New Jersey Drunk Driver Sues the Bar that Served Him

drink with warning labelIs it placing responsibility where it belongs? Or is it evading responsibility altogether? A New Jersey lawsuit is making people wonder if they’ve thought dram shop laws through.

A motorcyclist named Antonio Salomon-Merlino stopped in a bar in Kearny, N.J. and tied on a couple of tequila cocktails before riding to another bar in Clifton and having several more. Even Salomon-Merlino’s lawyer admitted publicly that her client was intoxicated.

The predictable thing happened – a crash – with an unpredictable result: Salomon-Merlino is suing the bars for serving him when they should have known he was drunk.

Does a Dram Shop Law Protect Drinkers?

According to a law known as a dram shop law, which almost all states have, a drinking establishment can be sued by the victim of a drunk driver for failing to cut the person off. The law was designed to place some responsibility on those serving drinks. Before such laws bar owners and other servers  took no responsibility for the actions of those whose intoxication they had caused or contributed to – or the sometimes lethal consequences of those actions. Once the laws were in place, victims had some recourse.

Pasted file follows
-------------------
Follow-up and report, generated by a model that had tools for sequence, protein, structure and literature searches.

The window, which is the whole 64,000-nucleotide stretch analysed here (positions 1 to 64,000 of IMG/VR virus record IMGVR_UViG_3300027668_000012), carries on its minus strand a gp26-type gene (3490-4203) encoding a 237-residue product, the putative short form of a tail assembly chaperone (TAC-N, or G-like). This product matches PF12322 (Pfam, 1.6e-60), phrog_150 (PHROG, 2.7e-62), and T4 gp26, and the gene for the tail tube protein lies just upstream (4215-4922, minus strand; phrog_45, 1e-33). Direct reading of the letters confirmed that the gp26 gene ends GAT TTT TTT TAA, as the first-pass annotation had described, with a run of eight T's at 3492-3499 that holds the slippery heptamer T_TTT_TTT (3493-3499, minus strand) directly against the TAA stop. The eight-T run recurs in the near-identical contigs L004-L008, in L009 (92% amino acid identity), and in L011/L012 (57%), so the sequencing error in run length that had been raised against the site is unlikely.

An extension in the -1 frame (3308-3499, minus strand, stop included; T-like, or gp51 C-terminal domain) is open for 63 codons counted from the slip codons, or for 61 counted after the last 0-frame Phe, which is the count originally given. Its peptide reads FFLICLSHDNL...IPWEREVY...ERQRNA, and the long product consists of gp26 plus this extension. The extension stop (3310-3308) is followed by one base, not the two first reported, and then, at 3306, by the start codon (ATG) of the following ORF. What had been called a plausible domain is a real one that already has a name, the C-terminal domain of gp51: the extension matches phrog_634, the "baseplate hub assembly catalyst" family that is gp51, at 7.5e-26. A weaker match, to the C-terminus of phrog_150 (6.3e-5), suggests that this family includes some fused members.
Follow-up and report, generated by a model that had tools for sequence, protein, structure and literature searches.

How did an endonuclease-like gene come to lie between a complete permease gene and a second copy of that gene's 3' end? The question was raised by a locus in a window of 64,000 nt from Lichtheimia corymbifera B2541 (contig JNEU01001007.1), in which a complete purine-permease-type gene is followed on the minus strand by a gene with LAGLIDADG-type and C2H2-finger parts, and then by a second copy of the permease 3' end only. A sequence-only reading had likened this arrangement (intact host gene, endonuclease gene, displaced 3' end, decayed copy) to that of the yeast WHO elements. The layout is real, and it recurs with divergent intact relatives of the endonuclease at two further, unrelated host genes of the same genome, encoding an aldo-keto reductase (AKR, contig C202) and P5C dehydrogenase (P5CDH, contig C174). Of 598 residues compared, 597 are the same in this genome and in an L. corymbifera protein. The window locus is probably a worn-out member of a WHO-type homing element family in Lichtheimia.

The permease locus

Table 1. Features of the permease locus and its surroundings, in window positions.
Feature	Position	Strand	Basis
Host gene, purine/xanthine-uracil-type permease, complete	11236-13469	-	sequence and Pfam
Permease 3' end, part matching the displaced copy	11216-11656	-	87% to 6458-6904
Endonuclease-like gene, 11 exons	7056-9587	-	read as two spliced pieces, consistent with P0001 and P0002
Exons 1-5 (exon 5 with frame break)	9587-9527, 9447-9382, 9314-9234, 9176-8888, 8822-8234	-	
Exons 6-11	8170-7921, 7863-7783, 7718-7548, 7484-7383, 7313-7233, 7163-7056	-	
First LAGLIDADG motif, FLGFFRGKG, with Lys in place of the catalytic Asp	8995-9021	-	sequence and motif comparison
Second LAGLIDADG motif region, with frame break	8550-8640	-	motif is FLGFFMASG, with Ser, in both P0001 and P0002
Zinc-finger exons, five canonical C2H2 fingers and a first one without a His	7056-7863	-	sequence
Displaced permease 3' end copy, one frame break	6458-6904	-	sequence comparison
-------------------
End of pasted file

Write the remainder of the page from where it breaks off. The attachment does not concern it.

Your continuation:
However, the victims who sue are usually sober person harmed by the drunk driver – not the drunk driver himself. The latter case is called a “first party dram shop law case.”

It’s hard to tell how far the case will go, but it does raise a couple of questions: how responsible is a person for his or her drinking?  And how responsible is that person after he or she has had a few drinks?

Some would argue that the driver, being an adult, drank of his own volition. No one forced him to down the tequilas. That is the predominant view on social media where this case is being discussed.

Others would argue that a bartender has an obligation to society not to release drunk drivers onto the roads. If a drinker is making a poor decision (as they do) then the server must exercise good judgement.

A sound legal argument, or utter gall. What do you think?